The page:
This movie covers the life of Jackson Pollock
when he was an abstract painter living in New York City.
He meets fellow artist, Lee Krasner, and
they become lovers. This relationship is the focus of the film.
As success rages so does Pollock's ego
and drinking. Then he discovers his famous drip-and-splash technique,
and the whole art scene changes for him.
is a film about a painter in which we really get to see the artist
paint. So, check this one out--it's a good, true drama that gets
Jackson Pollock was a manic depressive
who soothed his artistic angst with bouts of alcohol and activity.
Ed Harris embodies Pollock brilliantly,
both as actor and director. But as good as this film is, and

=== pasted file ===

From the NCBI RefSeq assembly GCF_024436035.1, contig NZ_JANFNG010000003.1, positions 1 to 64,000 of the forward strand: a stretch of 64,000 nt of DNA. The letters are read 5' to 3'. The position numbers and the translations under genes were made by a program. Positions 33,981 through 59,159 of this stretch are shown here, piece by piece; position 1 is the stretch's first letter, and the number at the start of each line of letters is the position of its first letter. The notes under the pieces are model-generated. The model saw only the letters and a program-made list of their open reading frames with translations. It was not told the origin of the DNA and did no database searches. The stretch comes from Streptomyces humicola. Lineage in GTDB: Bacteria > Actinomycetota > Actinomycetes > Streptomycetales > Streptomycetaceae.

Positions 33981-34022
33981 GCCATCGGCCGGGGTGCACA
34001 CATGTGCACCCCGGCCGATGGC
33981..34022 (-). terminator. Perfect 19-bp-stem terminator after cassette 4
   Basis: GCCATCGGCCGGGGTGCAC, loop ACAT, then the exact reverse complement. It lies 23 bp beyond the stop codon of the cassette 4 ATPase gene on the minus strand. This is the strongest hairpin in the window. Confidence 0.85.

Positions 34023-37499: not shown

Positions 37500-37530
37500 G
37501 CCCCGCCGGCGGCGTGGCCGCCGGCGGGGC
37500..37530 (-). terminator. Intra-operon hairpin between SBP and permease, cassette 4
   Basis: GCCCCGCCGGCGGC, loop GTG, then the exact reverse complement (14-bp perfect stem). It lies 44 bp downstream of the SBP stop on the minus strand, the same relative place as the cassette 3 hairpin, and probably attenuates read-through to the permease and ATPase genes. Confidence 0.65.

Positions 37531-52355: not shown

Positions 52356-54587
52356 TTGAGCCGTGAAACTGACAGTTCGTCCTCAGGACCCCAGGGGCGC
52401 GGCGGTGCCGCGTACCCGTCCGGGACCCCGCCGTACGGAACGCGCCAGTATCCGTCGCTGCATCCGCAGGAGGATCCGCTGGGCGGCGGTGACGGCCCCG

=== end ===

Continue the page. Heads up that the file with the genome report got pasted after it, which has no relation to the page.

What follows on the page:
at times it is magnificent, it is also disappointing--as we never
find out what it was that tormented this man toward genius and
ultimately self destruction.
Still it is a splendid biography of a great
American artist and well worth seeing.
Ed Harris gives an Oscar-nominating performance
in the movie Pollock. He depicts the torment and inner
turmoil of his painting.
Films about the torture of creation usually
require a villain. This director's variation is a bit more complicated.
He takes on both sides with full awareness that the role of own
worst enemy was played by none other than himself.
In 1949 the famous Life Magazine
featured an article that celebrated the revolutionary Jackson
Pollock as the most vital force American painting.